I travelled to Vietnam in May 2015, having just spent the past several months teaching two law classes, and completing one semester at the American University of Phnom Penh (AUPP), a start-up university. I also engaged in dialogue with clinical legal education (CLE) students and staff and advised AUPP, on its legal curriculum.
My report to AUPP recommended a heavy dose of experiential education planning with opportunities for simulated skills classes, moot advocacy competitions, externships, and clinical education. I noted how various law schools, in the Association of Southeast Asian Nations (ASEAN), have offered clinical training programmes, conferences and workshops and how Bridges Across Borders South East Asia Community Legal Education Initiative (BABSEACLE) has piloted a model of interscholastic transnational collaboration between law schools, lawyers, government, and civil society, and helped launch the Southeast Asian Clinical Legal Education Association.
Before leaving the region, to return to the United States I wanted to see how CLE was being implemented, “on the ground” in Vietnam. During my visit to Hanoi, BABSEACLE’s Lan Anh Nguyen and Hien Bui Thu facilitated roundtable discussions at four law faculties. Although these discussions were toward the end of the 2015-16 school year, students and faculty participated enthusiastically.
Acting Dean Le Thi Chau of the Trade Union University (TUU) hosted a group of students in their law clinic. Located off-campus, in the heart of a modest neighborhood, TUU is the first law school in Viet Nam to offer CLE as a compulsory subject for academic credit. TUU organizes about six community education workshops per year in and outside Hanoi for trade union officials and low-income construction workers. Students enrolled in previous years were eager to recount their experiences in workshops on: selection law; labour contracts; family law; land law; Constitutional law; and laws affecting People Living with HIV (PLHIV).
Nguyen Ngoc Chi, Director of Vietnam National University Hanoi (VNU)’s Centre for Legal Research and Services (LERES), offered a visit the VNU clinic where students were conducting research through the internet and responding to inquiries that they received from callers-on-line. They also displayed their outreach materials that are distributed to ethnic minorities, PLHIV, drug users, sex workers, high school students, and people with disabilities in Hanoi and Old Ha Tay Province. VNU Hanoi was the first Vietnamese law school to develop a CLE programme. Student discussions focused on the use of appropriate language for handouts and oral presentations.
At the National Economic University (NEU), a roomful of students and faculty greeted me on a Friday morning for a wide-ranging discussion. NEUprovides in-house consultations on labour and business law, with a focus on small businesses. The CLE teaching model has students and lecturers travelling to communities in rural, poor, and mountainous areas of Nghe An and Hoai Duc provinces. Students seemed interested about how other clinics decide what legal matters to handle in presentations or in individual case representations. CLE is offered as an optional course for credit and is enthusiastically supported by NEU Dean Tran Van Nam and Vice Dean Nguyen Thi Thanh Thuy.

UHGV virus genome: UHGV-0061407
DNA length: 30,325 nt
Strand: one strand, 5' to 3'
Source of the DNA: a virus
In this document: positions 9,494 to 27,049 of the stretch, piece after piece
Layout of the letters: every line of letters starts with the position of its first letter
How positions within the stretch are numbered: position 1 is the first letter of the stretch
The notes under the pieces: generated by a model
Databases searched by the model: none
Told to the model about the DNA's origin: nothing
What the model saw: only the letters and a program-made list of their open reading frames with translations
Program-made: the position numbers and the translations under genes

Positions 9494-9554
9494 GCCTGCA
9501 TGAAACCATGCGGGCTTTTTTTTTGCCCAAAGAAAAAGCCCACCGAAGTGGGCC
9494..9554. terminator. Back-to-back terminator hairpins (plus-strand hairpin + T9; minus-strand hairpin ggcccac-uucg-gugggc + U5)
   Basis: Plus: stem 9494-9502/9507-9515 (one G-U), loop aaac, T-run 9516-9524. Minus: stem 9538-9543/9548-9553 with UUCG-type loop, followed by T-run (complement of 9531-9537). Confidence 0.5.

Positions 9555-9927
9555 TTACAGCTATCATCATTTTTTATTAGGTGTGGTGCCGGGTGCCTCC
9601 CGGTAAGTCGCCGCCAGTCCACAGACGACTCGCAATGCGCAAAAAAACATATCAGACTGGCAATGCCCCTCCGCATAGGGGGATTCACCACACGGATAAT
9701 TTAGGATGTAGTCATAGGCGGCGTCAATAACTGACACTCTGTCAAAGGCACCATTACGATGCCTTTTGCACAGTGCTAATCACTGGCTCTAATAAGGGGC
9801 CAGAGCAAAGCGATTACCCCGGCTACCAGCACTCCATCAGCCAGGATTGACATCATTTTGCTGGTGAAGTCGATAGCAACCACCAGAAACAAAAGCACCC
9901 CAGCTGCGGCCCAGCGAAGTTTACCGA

Vice Dean Ha Cong Anh Bao of the Foreign Trade University (FTU) is in the process of developing a small business course that has a skills component. His CLE students are being trained in ethics and in improving accountability to the community, particularly in vulnerable populations. Their focus is on human rights and justice. FTU employs a CLE teaching model, and plans to establish an in-house legal clinic. Very thoughtful questions were raised about how to handle clients who do not follow offered advice and about the best way to evaluate the effectiveness of CLE outreach programmes and/or workshop presentations.
One of the subjects that surfaced, at more than one university, was the viability of conducting CLE outreach to participants outside of Hanoi. This always involves added costs in travel and accommodations, and is usually dependent on outside funding. Some faculty suggested that access and a receptive audience were sometimes easier to negotiate in provinces outside Hanoi. Others seemed willing to consider closer alternative outreach settings.
The role played by the private bar was also a topic at more than one law school. In contrast to lawyers in many other countries, it appears that lawyers in Vietnam do not feel threatened by law students giving information and advice. Instead, Vietnamese lawyers are available to monitor student presentations and they view CLE programmes as an opportunity to take on individual cases for legal representation.
Meaningful dialogue and mutual appreciation characterized this brief visit to four law faculties in Hanoi. I hope to continue these contacts from abroad and to visit these and other universities and CLE programmes elsewhere in Vietnam.
By Stephen Rosenbaum*
* Clinician Stephen Rosenbaum is an Associate Professor of Law, at Golden Gate University, and a John & Elizabeth Boalt Lecturer, at the University of California School of Law. In 2014-15, he was Professor of Law, at the American University of Phnom Penh.